In Honour of L.B.: Works by Lidiya Blinova and Rustam Khalfin
Aspan Gallery is pleased to present an exhibition dedicated to one of the founders of contemporary art in Central Asia Lidiya Blinova (1948-1996). To many, Blinova is only known as the partner and wife of a prominent Kazakhstani artist Rustam Khalfin (1949-2008). However a small group of friends and art lovers were acquainted with her artistic projects. She lived a very short life and the majority of her installations were ephemeral. Pursuing an artistic career was not one of her goals. Due to this, she was almost entirely indifferent to her finished works. The majority of her plastic searches were completed in pencil on small pieces of paper or through her actions and performances. In the Soviet conditions she was predominantly a non-conformist artist and mainly exhibited in ‘apartment’ exhibitions, co-organized with Khalfin.
Blinova was a truly multidisciplinary artist. She was interested in architecture, poetry, sculpture, design, jewelry design and costume design. Despite the fact that only a small fraction of her work survived to today, her art has had an enormous influence on the development of contemporary art in Central Asia. For example, when she presented her installation Poem about a Learned Cat at the Kokserek Gallery in Almaty in 1995, she wrote the entire text of the poem on the perimeter walls of the gallery just slightly above the floor level, so that ‘cats could read it easily’. This was one of the first conceptual installations in Kazakhstani art. At the time the term ‘installation’ had not yet been used in Kazakhstan.
Her project Finger Ornament, in which she creates a series of ornaments using the palms of hands, was exhibited during her lifetime at the Kasteev Museum’s Gallery Parade in 1995, and posthumously at many international exhibitions, including …and Others in Bishkek (2004), Istanbul Biennale (2009), Between the Present and the Future: Archaeology of Contemporaneity at the Kasteev Museum in Almaty (2011), Eurasian Utopias: Post Scriptum in Suwon, Korea (2018).
In addition to these programmatic installations, the exhibition In Honour of L.B. also includes rare archival documents and drawings, which enable the visitor to sink deeper into Blinova’s universe. Most of these materials are being shown to the public for the first time. The show is accompanied by Rustam Khalfin’s installations, which are dedicated to his wife and ‘alter-ego’, as he used to call Blinova.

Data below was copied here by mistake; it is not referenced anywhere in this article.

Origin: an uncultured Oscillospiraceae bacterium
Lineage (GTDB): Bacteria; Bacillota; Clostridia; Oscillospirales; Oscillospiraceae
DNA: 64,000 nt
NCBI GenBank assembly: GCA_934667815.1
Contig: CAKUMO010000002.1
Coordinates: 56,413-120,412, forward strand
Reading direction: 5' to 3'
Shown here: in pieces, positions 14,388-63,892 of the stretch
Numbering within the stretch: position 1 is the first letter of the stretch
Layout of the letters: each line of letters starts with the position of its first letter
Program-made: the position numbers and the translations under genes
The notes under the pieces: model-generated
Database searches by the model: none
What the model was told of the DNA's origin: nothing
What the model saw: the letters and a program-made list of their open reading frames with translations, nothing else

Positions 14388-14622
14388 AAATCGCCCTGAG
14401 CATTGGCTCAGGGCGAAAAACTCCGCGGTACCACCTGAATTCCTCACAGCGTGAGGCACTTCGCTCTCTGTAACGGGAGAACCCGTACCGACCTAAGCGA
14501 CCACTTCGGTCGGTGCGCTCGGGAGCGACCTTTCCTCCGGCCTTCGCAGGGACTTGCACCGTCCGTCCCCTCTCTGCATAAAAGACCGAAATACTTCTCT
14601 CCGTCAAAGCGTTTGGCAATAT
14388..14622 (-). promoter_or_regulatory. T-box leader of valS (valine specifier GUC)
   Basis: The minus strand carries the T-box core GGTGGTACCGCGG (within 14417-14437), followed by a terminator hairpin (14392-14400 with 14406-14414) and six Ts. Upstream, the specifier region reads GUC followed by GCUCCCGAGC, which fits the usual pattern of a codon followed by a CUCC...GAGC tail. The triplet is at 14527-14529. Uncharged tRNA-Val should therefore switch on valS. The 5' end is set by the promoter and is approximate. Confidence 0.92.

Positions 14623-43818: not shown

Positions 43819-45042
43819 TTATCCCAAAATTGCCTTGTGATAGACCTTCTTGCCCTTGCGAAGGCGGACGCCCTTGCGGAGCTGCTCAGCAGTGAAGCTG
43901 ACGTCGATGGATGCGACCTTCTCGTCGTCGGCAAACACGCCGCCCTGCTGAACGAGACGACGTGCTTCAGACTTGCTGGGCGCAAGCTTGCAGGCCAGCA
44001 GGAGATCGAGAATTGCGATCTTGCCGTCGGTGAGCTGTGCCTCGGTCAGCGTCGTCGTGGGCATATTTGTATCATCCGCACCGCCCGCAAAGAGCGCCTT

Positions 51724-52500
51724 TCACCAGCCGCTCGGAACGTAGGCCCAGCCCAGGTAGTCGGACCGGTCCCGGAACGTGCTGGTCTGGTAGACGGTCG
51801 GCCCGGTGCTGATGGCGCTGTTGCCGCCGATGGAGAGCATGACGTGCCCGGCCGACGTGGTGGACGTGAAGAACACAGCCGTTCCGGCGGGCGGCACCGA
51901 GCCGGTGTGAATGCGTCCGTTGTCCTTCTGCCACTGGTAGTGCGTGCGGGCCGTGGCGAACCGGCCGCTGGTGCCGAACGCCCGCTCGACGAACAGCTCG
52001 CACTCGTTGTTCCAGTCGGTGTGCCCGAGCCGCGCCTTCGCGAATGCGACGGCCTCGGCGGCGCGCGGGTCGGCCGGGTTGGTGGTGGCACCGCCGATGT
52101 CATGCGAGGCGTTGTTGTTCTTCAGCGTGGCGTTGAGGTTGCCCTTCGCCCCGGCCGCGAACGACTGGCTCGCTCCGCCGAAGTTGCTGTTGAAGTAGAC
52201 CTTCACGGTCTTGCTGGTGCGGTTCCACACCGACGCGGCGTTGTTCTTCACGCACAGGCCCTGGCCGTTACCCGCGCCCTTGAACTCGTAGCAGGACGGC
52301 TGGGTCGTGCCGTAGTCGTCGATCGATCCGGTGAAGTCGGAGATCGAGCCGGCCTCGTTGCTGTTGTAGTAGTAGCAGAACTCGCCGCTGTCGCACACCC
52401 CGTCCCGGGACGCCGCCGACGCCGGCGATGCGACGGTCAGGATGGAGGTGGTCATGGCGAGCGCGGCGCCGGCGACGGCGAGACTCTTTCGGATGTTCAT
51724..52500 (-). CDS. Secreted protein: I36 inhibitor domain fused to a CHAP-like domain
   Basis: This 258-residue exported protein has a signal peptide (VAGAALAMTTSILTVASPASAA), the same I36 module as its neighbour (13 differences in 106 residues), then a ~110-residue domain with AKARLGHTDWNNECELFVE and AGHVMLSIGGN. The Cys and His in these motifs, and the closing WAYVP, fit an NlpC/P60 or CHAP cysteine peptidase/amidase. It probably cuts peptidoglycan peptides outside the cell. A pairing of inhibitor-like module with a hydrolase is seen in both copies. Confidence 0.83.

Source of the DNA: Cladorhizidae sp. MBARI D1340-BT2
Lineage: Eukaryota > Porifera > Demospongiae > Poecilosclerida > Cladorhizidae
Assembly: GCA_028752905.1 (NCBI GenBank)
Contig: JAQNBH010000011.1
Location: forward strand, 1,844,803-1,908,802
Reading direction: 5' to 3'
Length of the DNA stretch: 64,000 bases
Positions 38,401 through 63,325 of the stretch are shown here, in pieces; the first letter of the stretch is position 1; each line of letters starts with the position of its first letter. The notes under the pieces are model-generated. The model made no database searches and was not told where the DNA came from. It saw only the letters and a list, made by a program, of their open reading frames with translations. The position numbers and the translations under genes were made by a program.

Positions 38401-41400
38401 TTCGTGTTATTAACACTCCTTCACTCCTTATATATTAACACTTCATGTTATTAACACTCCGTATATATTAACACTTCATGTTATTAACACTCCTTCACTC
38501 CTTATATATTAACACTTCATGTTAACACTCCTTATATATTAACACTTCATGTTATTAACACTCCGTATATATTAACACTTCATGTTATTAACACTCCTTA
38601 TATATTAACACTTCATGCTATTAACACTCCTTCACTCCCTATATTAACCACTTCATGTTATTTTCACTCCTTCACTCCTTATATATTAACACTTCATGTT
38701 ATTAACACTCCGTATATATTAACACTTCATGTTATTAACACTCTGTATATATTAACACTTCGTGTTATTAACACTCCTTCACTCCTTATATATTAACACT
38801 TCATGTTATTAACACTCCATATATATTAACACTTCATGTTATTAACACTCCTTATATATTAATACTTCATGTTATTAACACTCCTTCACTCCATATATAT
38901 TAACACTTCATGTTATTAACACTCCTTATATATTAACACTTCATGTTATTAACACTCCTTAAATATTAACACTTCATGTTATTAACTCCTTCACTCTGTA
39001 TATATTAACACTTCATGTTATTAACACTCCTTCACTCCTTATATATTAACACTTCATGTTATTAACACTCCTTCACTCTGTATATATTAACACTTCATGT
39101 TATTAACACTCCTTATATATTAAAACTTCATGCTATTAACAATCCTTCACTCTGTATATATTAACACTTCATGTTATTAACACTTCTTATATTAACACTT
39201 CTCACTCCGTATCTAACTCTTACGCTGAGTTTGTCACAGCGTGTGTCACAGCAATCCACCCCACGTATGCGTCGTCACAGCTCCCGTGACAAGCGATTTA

The exhibition was curated by famous Kazakhstani artist couple Yelena and Viktor Vorobyev. The installation remakes by the Vorobyevs are not intended as exact replicas of originals, but as visual guides to demonstrate Blinova’s thinking.
Specially for the exhibition Aspan Gallery has published a series of books. The first is Blinova’s Poem about a Learned Cat with illustrations by Yelena Vorobyeva. These illustrations were created during Blinova’s life, but the book has never been published. The second is a new book by prominent Russian artist and writer, Alexander Brener, dedicated to Blinova and Khalfin entitled, The Art of Life and the Art of Seeing. The third publication is the exhibition catalogue with works from the exhibition and art historical essays.
Lidiya Blinova (1948-1996, Almaty)
Lidiya Blinova graduated from the Architecture faculty of the Kazakh Polytech Institute in Almaty in 1971.She was also a poet, sculptor, jewellery designer, graphic designer. In the beginning of her career she studied under sculptor-primitivist Isaac Itkind, who was deported to Almaty. Together with her husband and partner artist Rustam Khalfin, Blinova organised ‘apartment’ exhibitions of Almaty non-official artists. She often developed her ideas together with Khalfin, who used to call her his ‘alter-ego’.
After her death Blinova’s works were included in many national and international exhibitions, including Eurasian Utopias: Post Scriptum in Suwon, Korea (2018), Four Generations of Kazakh Women Artists, Momentum in Berlin (2018), Between the Present and the Future: Archaeology of Contemporaneity at the Kasteev Museum in Almaty (2011), Istanbul Biennale (2009), …and Others in Bishkek (2004).
Dates: 30 October - 15 December, 2019